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Multimodality Segmentation of Head and Neck Tumors

M Aristophanous

M Aristophanous*, J Yang , B Beadle , UT MD Anderson Cancer Center, Houston, TX


SU-E-J-224 Sunday 3:00PM - 6:00PM Room: Exhibit Hall

Purpose: Develop an algorithm that is able to automatically segment tumor volume in Head and Neck cancer by integrating information from CT, PET and MR imaging simultaneously.

Methods: Twenty three patients that were recruited under an adaptive radiotherapy protocol had MR, CT and PET/CT scans within 2 months prior to start of radiotherapy. The patients had unresectable disease and were treated either with chemoradiotherapy or radiation therapy alone. Using the Velocity software, the PET/CT and MR (T1 weighted+contrast) scans were registered to the planning CT using deformable and rigid registration respectively. The PET and MR images were then resampled according to the registration to match the planning CT. The resampled images, together with the planning CT, were fed into a multi-channel segmentation algorithm, which is based on Gaussian mixture models and solved with the expectation-maximization algorithm and Markov random fields. A rectangular region of interest (ROI) was manually placed to identify the tumor area and facilitate the segmentation process. The auto-segmented tumor contours were compared with the gross tumor volume (GTV) manually defined by the physician. The volume difference and Dice similarity coefficient (DSC) between the manual and auto-segmented GTV contours were calculated as the quantitative evaluation metrics.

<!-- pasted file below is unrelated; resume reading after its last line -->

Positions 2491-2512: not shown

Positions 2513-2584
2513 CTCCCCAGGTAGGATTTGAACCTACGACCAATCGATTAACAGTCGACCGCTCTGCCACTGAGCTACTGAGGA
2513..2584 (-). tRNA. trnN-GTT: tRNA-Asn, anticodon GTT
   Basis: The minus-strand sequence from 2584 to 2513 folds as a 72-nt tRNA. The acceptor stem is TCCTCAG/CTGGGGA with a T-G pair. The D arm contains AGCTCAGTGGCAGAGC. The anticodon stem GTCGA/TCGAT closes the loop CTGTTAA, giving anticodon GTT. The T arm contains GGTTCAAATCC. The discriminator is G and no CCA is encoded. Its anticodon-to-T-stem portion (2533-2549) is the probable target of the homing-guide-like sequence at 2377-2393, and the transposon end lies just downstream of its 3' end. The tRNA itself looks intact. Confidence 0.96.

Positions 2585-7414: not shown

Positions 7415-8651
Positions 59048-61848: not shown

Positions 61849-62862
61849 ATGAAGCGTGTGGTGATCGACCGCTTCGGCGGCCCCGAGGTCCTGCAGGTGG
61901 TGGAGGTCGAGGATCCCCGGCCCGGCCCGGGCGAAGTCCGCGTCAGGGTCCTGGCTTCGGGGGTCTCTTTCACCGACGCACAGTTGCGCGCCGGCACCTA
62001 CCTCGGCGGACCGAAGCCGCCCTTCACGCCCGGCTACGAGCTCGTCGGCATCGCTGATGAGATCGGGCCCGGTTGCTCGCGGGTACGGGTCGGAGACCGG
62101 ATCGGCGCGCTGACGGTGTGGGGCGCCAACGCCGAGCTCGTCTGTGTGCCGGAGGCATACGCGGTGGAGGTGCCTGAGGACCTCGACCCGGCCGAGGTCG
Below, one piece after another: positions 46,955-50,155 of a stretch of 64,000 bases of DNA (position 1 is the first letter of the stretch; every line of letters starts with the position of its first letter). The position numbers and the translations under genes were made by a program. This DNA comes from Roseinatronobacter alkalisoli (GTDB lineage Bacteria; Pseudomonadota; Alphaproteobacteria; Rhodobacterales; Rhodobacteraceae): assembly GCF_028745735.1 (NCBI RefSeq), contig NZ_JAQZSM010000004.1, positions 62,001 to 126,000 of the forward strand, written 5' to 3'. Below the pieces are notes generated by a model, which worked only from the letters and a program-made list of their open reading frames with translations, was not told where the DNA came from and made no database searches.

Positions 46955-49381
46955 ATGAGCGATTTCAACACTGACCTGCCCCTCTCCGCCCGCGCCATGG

Results: The multimodality segmentation algorithm was applied to all 23 patients. The volumes of the auto-segmented GTV ranged from 18.4cc to 32.8cc. The average (range) volume difference between the manual and auto-segmented GTV was -42% (-32.8%--63.8%). The average DSC value was 0.62, ranging from 0.39 to 0.78.

Conclusion: An algorithm for the automated definition of tumor volume using multiple imaging modalities simultaneously was successfully developed and implemented for Head and Neck cancer. This development along with more accurate registration algorithms can aid physicians in the efforts to interpret the multitude of imaging information available in radiotherapy today.

Funding Support, Disclosures, and Conflict of Interest: This project was supported by a grant by Varian Medical Systems.

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